Trichlorfon

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Trichlorfon is a moderately toxic organophosphate insecticide which is registered as a General Use Pesticide by the EPA but the primary manufacture, Bayer Corporation, has voluntarily canceled its production of most products containing the chemical (#INCHEM and #EXTOXNET). It is used to control insects on numerous crops (see #Uses below).

Contents

  1. #Chemical Description
  2. #Uses
  3. #Health Effects
  4. #Environmental Effects
  5. #Precautions
  6. #Regulation
  7. #External Links
  8. #References

    Just the facts


    Physical Information

    Name: Trichlorfon

    Use: organophosphate insecticide

    Formula: C 4 H 8 Cl 3 O 4 P

    Synonyms: chlorofos, DEP, DETF, dipterex, dimethyl 1-hydroxy- 2,2,2-trichloro ethanephosphonate, O, O-dimethyl (2,2,2-trichloro-1-hydroxyethyl), phosphonate, metrifonate, foschlor, trichlorofon, trichlorphon

    Trade Names: Anthon, Bovinos, Briten, Chlorophos, Ciclosom, Dipterex, Ditrifon, Dylox, Dyrex, Equino-Aid, Foschlor, Leivasom, Neguvon, Masoten, Pronto, Phoschlor, Proxol, Totalene, Trichlorophene, Trichlorophon, Trinex, Tugon and Vermicide Bayer 2349

    Source: synthetic chemistry

    Recommended daily intake: none

    Absorption: dermal, inhalation, ingestion

    Sensitive individuals: workers

    Toxicity/symptoms: moderately toxic

    Regulatory facts: registered as a General Use Pesticide (GUP)

    Chemical Structure



    Structure retrieved from #INCHEM.

Chemical Description


Trichlorfon is a colorless powder at room temperature.

Uses


Trichlorfon is produced and used in dust, emulsifiable concentrate, granular, fly bait, and soluble powder formulations and the concentration of trichlorfon in the product ranges from around 40-98% (#EXTOXNET). It has been used since the early 1950s in a number of settings. It was used on a variety of crops to control insects such as cockroaches, crickets, silverfish, bedbugs, fleas, cattle grubs, flies, ticks, leafminers, and leaf-hoppers (#EXTOXNET). It was also used on livestock, domestic settings, greenhouses, and aquatic environments (#EXTOXNET). During the height of its use, 500,000-1,000,000 were applied annually (#EPA).

Health Effects


Main Article: Cholinesterase Inhibitor
The undesirable health effects associated with trichlorfon, and all Organophosphates for that matter, is its cholinesterase inhibiting properties. It is a moderately toxic organophosphate absorbed easily dermally but also can have negative effects when its's fumes are inhaled or it is ingested (#EXTOXNET).

It is "Suspected" (but not listed as definitively) the following long-term health problems (#Scorecard):
* Carcinogen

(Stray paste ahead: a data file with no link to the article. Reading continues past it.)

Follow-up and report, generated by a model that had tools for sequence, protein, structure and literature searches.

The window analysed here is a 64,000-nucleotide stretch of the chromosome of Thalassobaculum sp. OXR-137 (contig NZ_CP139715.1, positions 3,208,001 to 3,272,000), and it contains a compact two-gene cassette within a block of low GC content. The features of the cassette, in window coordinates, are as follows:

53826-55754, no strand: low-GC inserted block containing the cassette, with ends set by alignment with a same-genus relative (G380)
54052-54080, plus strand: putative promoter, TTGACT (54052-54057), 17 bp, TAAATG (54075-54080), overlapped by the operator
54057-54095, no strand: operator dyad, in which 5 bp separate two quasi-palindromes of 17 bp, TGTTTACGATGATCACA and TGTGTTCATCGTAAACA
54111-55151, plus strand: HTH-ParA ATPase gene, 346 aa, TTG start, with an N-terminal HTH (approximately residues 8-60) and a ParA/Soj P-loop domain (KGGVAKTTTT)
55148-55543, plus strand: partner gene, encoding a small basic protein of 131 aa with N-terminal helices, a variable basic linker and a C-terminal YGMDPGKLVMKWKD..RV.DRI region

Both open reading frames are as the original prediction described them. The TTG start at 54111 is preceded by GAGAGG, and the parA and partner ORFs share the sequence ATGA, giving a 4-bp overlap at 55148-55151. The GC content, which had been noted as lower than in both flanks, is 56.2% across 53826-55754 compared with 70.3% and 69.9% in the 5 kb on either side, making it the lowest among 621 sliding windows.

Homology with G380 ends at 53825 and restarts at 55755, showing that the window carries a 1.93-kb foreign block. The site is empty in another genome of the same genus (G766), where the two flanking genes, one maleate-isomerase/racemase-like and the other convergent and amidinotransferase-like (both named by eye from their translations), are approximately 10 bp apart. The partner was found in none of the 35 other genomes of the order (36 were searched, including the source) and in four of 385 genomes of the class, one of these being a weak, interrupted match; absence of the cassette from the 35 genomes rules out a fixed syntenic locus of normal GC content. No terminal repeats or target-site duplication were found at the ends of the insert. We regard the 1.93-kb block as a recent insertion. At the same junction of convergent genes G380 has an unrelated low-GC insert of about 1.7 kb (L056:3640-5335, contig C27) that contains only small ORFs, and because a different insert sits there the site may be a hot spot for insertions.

* Neurotoxicant
* Immunotoxicant
* Devlopmental Toxicant
* Gastrointestinal or Liver Toxicant
* Reproductive Toxicant

Cases of occupational and accidental exposure have been documented with some cases resulting in fatalaties (#INCHEM).

Environmental Effects


Trichlorfon breaks down and degrades very rapidly in soil with a half-life of anywhere from 3-27 days and usually only negligible amounts are left in the soil a month after treatment (#INCHEM and #EXTOXNET). Because it does not bind strongly to soil particles it is likely to leach into groundwater sources where tt is stable in water below 5.5 pH but at higher pH level's, it is converted to dichlorvos (#INCHEM and #EXTOXNET). Though it leeched into groundwater easily, it has little prospect of causing lasting damage to groundwater supplies because it evaporates easily, often with the majority being evaporated after oly two hours (#EXTOXNET).

In laboratory settings, Trichlorfon is highly toxic to most aquatic organisms, but in practice the amount of trichlorfon rarely reached levels considered high enough to cause real harm to fish and therefore it probably had negligible effects on populations (#INCHEM). The same scenerio is observed in relation to birds: highly toxic in labaratory settings but a negligible effect on overall populations (#INCHEM).

Regulation


Trichlorfon is classified by the EPA) as a General Use Pesticide (GUP) and is in toxicity class II (Moderately Toxic) with products containing trichlorfon bear the Signal Word WARNING (#EXTOXNET). But, the main producer, Bayer, voluntarily canceled production of most products containing trichlorfan in 1995 (#EPA). Additionally it is on three federal regulatory lists: Hazardous Substances (Superfund), Registered Pesticides (Federal Insecticide, Fungicide, and Rodenticide Act), and Toxic Release Inventory Chemicals (#Scorecard).


 

References



United States Environmental Protection Agency (EPA). "Reregistration Eligibility Decision (RED) Trichlorfon". January 1997.


Extension Toxicology Network. "Pesticide Information Profile -Trichlorvos". Revised June 1996. Accessed 10-11-07.


World Health Organization (WHO) - International Programme on Chemical Safety (INCHEM). "ENVIRONMENTAL HEALTH CRITERIA 132 - TRICHLORFON. 1992.


Scorecard. "Chemical Profiles - Trichlorfon". Accessed 10-11-07.

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